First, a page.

Special considerations for blood donation
Information about Emergent Diseases
Information about Emergent Diseases [PDF]
Travel and Residence Outside the United States or Canada
Malaria is transmitted by the bite of mosquitoes found in certain countries, and may be transmitted to patients through blood transfusion. Blood donations are not tested for malaria because there is no sensitive blood test available for malaria.
Malaria transmission can occur through travel and residence in some areas. This exposure can sometimes defer donors from blood donation. If you have traveled and/or resided outside of the United States and Canada, your travel destinations will be reviewed during the screening process with trained collection staff.
If you have traveled or lived in a country with malaria-risk, we may require a waiting period before you can donate blood. This is because the disease can be transmitted a year later without symptoms. Potential donors who have visited and stayed overnight in a malarial area are deferred from giving blood for one year from the date of that stay.
Your donation is important to us; please fill out Travel worksheet with your travel details when you donate. You may print the Donor Travel Worksheet and bring it with you to help in the assessment of your travel. You can call 425-656-3077 to speak with Collection Review specialist about your travel if you need assistance.
Information for All Donors About AIDS
The FDA requires all donors be given information on AIDS each time they donate blood. Please read this information carefully, even if you are a frequent donor, as some of the details may have changed since the last time you donated. Thank you for your cooperation.
AIDS (Acquired Immune Deficiency Syndrome) is caused by HIV. HIV is spread mainly through sexual contact with an infected person OR by sharing needles or syringes used for injecting drugs.
HIV/AIDS Risk Behaviors and Symptoms
DO NOT DONATE IF YOU:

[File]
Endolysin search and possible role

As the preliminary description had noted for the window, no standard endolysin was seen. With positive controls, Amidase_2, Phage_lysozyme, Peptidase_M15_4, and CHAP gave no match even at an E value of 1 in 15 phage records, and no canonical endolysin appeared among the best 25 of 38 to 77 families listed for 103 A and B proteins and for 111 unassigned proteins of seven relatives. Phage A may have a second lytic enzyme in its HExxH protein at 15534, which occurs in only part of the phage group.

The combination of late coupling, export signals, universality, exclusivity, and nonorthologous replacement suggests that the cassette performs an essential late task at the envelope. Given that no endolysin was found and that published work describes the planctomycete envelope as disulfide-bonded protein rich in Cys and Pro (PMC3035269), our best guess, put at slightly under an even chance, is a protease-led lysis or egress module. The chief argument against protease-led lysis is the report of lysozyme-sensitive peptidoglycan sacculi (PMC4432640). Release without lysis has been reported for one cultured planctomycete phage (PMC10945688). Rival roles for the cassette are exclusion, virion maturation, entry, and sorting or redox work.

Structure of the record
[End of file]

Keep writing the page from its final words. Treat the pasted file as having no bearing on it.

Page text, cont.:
- The signs and symptoms of “AIDS” include the following:Persons with clinical or laboratory evidence of AIDS virus infection.
- Any man who has had sex with another man in the past 12 months, even once.
- Present or past users of intravenous drugs.
- Men and women who at any time have engaged in sex for money or drugs.
- Individuals who have had sex within the last 12 months, even once, with any person meeting the above descriptions.
- Individuals who have had a positive test for syphilis in the last 12 months.
- Persistent night sweats, cough, shortness of breath or diarrhea.
- Unexplained continuous fevers (Temperature greater than 100.5° F) for more than 10 days.
- Unexplained weight loss of more than 10 pounds.
- Swollen lymph nodes lasting more than one month.
- Purple spots typical of Kaposi’s sarcoma, on or under the skin or on mucous membranes.
- Persistent white spots or unusual blemishes in the mouth.
If you have experienced any of these signs or symptoms or if you have engaged in the previously defined high risk activities, please notify the individual in the screening room and do not donate blood.
If, after donating, you think of any reason that your blood should not be used for transfusion, please phone the Bloodworks Northwest as soon as possible so that your blood can be discarded. You will be given post donation instructions and phone numbers for the Blood Center after you donate blood.
If You Want an AIDS Test
You should not donate blood just to get an AIDS test. If you want to be tested for AIDS, you must not donate blood. For information on testing and locations, you can contact the following:
- Your local health department.
- The National Information Line for AIDS: 1-800-342-AIDS
- Your own physician
Infectious Disease Testing
Your blood donation will be tested for various infectious agents, including HIV and hepatitis. This testing is done to prevent contamination of the blood supply. Some of the tests may be investigational (research) tests. Any blood testing positive will not be used for transfusion. You will be notified of any test results that are of importance to your health or that affect your eligibility to donate. To better interpret and understand the results of these tests, it may be necessary to contact you for follow-up testing. All donor records are strictly confidential. However, Washington state law requires that the Blood Center report to the local health department the names of all persons with confirmed positive tests for certain infectious agents. Donor records may be reviewed by regulatory agencies and manufacturers of donor tests; in the latter instance, donor identification is concealed.
Please remember, it is not possible to get any disease by donating blood.